Pritzker Emerging Environmental Genius Award
FROM THE MAGAZINE
The 2018 Pritzker Emerging Environmental Genius Award Ceremony
Candidates represent the full spectrum of answers to environmental concerns
The Pritzker Award aims to recognize an environmental leader, under the age of 40, who is on the verge of making lasting change in the field of environmental sustainability. The winner will be chosen by a panel of judges that includes news commentator and author Van Jones, philanthropists Wendy Schmidt and Nicolas Berggruen, and Kathryn...
Miranda Wang in UN Environment
Our Pritzker winner Miranda Wang takes on plastic pollution, which traps wildlife, contaminates water and food, and leads to human health problems. With BioCellection, she has pioneered an invention that accepts and breaks down multiple kinds of shredded plastic waste in a way that is cheaper and more sustainable than current alternatives. In this UN...
Pritzker winner Miranda Wang in UN Environment
Pritzker winner, Miranda Wang, has been busy. This UN Environment article details what Wang and her company, BioCellection, have been up to.
Pritzker nominee, José González, in Bay Nature
Pritzker nominee José González is an experienced and passionate speaker, artist, nature-lover, science communicator and educator who founded Latino Outdoors. In Bay Nature he writes: “How Do People Know About Nature?” “Western science and indigenous knowledge are often presented as conflicting. But there are areas where they converge.”
BioCellection, co-founder win Pritzker environmental prize
Entrepreneur Miranda Wang and BioCellection, the Menlo Park-based company she co-founded, have been named the winners of the Pritzker Emerging Environmental Genius Award for 2018. The prestigious award, which includes a cash prize of $100,000, is funded by the Anthony and Jeanne Pritzker Family Foundation and was presented by the UCLA Institute of the Environment...
What they’re reading: 2018 Pritkzer Award candidates book recommendations
At this year’s 2018 Pritzker Emerging Environmental Genius Award ceremony, each candidate shared a book that has impacted their lives. Here’s the list, for anyone who wants to think like a young environmental genius. Alexia Akbay Tropic of Chaos: Climate Change and the New Geography of Violence by Christian Parenti “As an ode to my most...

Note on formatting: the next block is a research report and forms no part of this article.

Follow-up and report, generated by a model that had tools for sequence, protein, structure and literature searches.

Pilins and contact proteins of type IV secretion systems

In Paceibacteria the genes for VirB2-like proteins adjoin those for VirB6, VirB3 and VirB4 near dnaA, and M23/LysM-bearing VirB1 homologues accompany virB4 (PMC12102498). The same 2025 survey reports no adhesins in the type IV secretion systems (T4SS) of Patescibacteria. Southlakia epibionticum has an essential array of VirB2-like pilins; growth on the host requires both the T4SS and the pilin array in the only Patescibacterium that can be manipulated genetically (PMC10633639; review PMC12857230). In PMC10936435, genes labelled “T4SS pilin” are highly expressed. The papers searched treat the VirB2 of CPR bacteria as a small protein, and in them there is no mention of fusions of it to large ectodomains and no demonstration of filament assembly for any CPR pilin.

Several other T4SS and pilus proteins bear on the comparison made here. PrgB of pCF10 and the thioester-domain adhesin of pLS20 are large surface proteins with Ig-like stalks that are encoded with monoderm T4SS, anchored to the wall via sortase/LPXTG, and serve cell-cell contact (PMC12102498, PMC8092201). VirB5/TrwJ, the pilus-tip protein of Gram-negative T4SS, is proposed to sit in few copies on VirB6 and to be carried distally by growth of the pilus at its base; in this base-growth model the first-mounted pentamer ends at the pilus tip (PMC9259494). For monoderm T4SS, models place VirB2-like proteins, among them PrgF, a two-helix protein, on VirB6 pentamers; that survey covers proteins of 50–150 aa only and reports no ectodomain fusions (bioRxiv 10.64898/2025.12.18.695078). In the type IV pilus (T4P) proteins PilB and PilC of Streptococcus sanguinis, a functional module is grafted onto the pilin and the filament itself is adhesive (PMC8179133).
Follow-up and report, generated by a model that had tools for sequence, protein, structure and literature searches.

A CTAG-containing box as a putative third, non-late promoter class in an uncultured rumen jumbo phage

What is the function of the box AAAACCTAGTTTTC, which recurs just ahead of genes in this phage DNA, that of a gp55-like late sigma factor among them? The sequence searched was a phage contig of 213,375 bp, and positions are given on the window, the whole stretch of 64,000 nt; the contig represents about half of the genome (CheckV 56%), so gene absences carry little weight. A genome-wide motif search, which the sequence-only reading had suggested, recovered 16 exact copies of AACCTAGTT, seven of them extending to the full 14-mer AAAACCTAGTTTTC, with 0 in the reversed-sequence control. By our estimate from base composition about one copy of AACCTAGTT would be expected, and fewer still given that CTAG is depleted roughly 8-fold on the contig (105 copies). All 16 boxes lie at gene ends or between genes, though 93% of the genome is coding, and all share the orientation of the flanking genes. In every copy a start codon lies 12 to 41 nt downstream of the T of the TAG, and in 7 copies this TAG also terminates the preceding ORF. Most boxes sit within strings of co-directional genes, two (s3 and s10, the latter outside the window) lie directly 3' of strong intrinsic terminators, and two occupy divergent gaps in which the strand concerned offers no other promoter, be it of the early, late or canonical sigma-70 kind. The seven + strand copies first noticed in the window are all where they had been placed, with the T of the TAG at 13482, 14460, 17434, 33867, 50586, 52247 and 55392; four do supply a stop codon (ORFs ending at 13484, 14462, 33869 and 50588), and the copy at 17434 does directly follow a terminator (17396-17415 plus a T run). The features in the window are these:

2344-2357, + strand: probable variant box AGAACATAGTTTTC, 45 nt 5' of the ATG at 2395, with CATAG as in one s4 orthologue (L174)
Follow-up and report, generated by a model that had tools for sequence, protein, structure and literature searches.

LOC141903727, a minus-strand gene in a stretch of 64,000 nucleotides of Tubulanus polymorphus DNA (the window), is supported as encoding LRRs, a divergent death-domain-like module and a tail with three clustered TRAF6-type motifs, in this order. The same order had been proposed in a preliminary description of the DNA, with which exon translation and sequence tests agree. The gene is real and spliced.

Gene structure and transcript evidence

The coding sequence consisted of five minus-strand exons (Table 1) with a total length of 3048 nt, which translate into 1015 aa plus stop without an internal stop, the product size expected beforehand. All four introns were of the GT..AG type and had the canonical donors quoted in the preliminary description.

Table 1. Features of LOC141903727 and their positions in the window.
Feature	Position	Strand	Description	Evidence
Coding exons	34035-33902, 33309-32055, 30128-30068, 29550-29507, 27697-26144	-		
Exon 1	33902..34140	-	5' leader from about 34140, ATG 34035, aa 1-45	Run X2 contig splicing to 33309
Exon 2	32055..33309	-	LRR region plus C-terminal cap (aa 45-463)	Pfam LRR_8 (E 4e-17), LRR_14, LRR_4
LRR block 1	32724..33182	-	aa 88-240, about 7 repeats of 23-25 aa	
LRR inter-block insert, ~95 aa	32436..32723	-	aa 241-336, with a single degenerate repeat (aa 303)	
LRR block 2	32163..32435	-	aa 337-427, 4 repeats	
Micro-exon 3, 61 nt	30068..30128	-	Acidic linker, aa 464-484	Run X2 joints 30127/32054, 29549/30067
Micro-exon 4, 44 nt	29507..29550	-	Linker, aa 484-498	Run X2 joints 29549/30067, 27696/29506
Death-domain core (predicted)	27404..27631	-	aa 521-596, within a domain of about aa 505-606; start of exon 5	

How The Iconic 1968 Earthrise Photo Changed Our Relationship To The Planet
Earthrise Media founder and our 2017 Pritzker winner, Dan Hammer, in Huffington Post. Earthrise Media‘s images were used in this article by Bill McKibben to discuss the impact of satellite imagery on our relationship to the planet.
José González in Bay Nature
Pritzker nominee and Latino Outdoors founder, José González writes about “The Consequences of Lines on a Map” in Bay Nature.
Tracking China’s Muslim Gulag
Dan Hammer, 2017 Pritzker award winner, is leading a project to make sense of Earth imagery — to help people “read” images like they read the news. Hammer, of Earthrise Media, worked with Reuters to plot the construction and expansion of 39 of these camps.
A 24-year-old has invented a new way to break down plastic waste and prevent it from landing in the ocean
Pritzker winner Miranda Wang is the cofounder and CEO of BioCellection, a company that focuses on recycling polyethylenes, the most common but least recyclable type of plastic. Most polyethylenes, like bubble wrap and plastic bags, end up in landfills. In early November, Wang’s company received a $100,000 prize for the invention from UCLA’s Institute of...
Pritzker finalist, Asha de Vos, on BBC’s 100 Women 2018
Asha de Vos was named in the BBC 100 Women: 100 inspiring and influential women from around the world for 2018. 23) Asha de Vos, 39 – Marine biologist, Sri Lanka. Asha works in the area of marine conservation to increase diversity, inclusivity and opportunity in the field.
My Journey to Create the Future of Plastic Recycling
Plastic pollution is a global crisis that results in wildlife entrapment, water and food contamination, and human health problems. Globally, only 9% of plastics produced are recycled; the rest is incinerated, landfilled, or exported to developing nations where they often enter marine habitats. At the current accumulation rate, the scientific community predicts there will be...
A local hero for every coastline
What if the solution to our greatest ocean challenge was trapped in the mind of a person from the developing world? Why wouldn’t it be? After all 70% of our coastlines are in this part of the world, but representation in marine conservation from these coastlines is negligible. What if all it took to harness...